President Donald Trump has named former UN ambassador John Bolton as his National Security Adviser, replacing Lt. Gen. H.R. McMaster, who resigned on Thursday.
I am pleased to announce that, effective 4/9/18, @AmbJohnBolton will be my new National Security Advisor. I am very thankful for the service of General H.R. McMaster who has done an outstanding job & will always remain my friend. There will be an official contact handover on 4/9.
— Donald J. Trump (@realDonaldTrump) March 22, 2018
Bolton, a national security hawk has been outspoken in calling for action against Iran and North Korea.
According to a source, Bolton and Trump have been in discussion for weeks about replacing McMaster, promising the president, “he wouldn’t start any wars” if he took over.
The news of McMaster resigning and his replacement via Trump’s tweet came around the same time Bolton was on Fox News. Bolton told the Fox News host the offered happened earlier and wasn’t expecting to happen so shortly after meeting with Trump. Bolton will take over on April 9
For weeks, McMaster had discussed his departure from the Trump administration for quite some time, according to White House officials, but decided to make it official now due to “constant speculation” that interfered with McMaster doing his job. The departure was a mutual decision and not related to a recount leak that angered the president regarding briefing materials of the president phone call with Russian President Vladimir Putin.
“The two have been discussing this for some time. The timeline was expedited as they both felt it was important to have the new team in place, instead of constant speculation,” a White House official said. “This was not related to any one moment or incident, rather it was the result of ongoing conversations between the two.”
The announcement of Bolton was met with strong opposition among Democrat leaders, who expressed fear that the former ambassador could help lead the country into an overseas war. As President George W. Bush’s U.N. Ambassador, Bolton was a vocal proponent of the Iraq War.
Republicans, on the other hand cheered Trump’s decision.
“I know John Bolton well and believe he is an excellent choice who will do a great job as National Security Advisor,” Sen. Marco Rubio said in a statement. “General McMaster has served, and will continue to serve, our nation well and I thank him for his service.”
Senator Lindsey Graham, a hawkish Senator said selecting Bolton “is good news for America’s allies and bad news for America’s enemies.”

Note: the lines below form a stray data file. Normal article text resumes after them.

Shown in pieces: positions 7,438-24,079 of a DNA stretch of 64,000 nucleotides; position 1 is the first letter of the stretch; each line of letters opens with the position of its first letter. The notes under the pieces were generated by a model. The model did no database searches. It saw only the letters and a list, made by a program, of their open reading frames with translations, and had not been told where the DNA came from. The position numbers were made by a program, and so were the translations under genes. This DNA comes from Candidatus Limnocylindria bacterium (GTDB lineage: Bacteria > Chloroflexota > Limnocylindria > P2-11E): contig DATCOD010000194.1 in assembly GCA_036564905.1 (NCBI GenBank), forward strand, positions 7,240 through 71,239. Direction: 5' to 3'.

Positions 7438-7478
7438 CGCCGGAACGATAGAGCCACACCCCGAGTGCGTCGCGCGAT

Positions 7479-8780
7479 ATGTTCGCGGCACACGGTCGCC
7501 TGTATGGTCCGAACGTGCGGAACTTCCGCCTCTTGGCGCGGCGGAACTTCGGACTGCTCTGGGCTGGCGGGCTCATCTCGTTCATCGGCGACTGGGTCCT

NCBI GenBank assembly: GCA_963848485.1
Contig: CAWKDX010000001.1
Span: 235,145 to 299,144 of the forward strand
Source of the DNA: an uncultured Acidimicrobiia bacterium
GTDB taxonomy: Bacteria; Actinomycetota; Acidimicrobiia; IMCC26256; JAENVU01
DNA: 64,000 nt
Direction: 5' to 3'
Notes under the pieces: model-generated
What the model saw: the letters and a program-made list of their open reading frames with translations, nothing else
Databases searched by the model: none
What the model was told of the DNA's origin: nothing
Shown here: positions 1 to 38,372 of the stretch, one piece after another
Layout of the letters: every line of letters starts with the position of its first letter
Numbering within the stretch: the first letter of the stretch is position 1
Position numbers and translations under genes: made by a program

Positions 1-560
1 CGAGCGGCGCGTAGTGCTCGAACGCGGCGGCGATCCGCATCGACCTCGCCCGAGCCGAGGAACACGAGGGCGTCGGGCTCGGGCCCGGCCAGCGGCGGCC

In a statement released by the White House, McMaster thanked the president for the opportunity to serve as a member of the National Security Council. In resigning, McMaster will also retire from the U.S. Army effective this summer.
“After 34 years of service to our nation, I am requesting retirement from the U.S. Army effective this summer after which I will leave public service. Throughout my career it has been my greatest privilege to serve alongside extraordinary service members and dedicated civilians,” McMaster said in a statement. “I am thankful to President Donald J. Trump for the opportunity to serve him and our nation as national security advisor. I am grateful for the friendship and support of the members of the National Security Council who worked together to provide the President with the best options to protect and advance our national interests.”
WH Chief of staff John Kelly, who pushed McMaster to take the job, called him “a fine American and military officer” in a statement, adding the general “brought and maintained discipline and energy” on Trump’s national-security team.
In a statement, Trump said McMaster “helped develop our America First National Security Strategy, revitalize our alliances in the Middle East, smash ISIS, bring North Korea to the table, and strengthen our nation’s prosperity.”
McMaster was selected as Trump’s second national security adviser last year after firing Michael Flynn for lying to the president and senior officials about his conversation he had with a Russia’s ambassador within a month of taking the role.
During his tenure, McMaster and the president clashed over a complex of national security issues. He also clashed with former Trump advisor Steve Bannon and other top military brass, including Defense Secretary Jim Mattis. On policy, McMaster warned Trump against ripping up the Iran Deal without a strategy of what to do next, as well as differ on strategy for American forces in Afghanistan. On meeting with North Korea leader, McMaster expressed grave concerns of the president with meeting with the leader.
Trump publicly scolded McMaster in February after his national security adviser said there was “incontrovertible” proof that Russia meddled in the 2016 election.
“General McMaster forgot to say that the results of the 2016 election were not impacted or changed by the Russians and that the only Collusion was between Russia and Crooked H, the DNC and the Dems,” Trump tweeted last month.
Trump is dealing with a number of high-stakes decisions, including planned talks with North Korean leader Kim Jong Un and an upcoming deadline to extend sanctions relief under the Iran nuclear deal.
Just last week, Trump replaced his Secretary of State Rex Tillerson with his CIA director Mike Pompeo. The president said after firing Tillerson said there were other firing in the near future.
“I’m really at a point where we’re getting very close to having the Cabinet and other things that I want,” Trump said.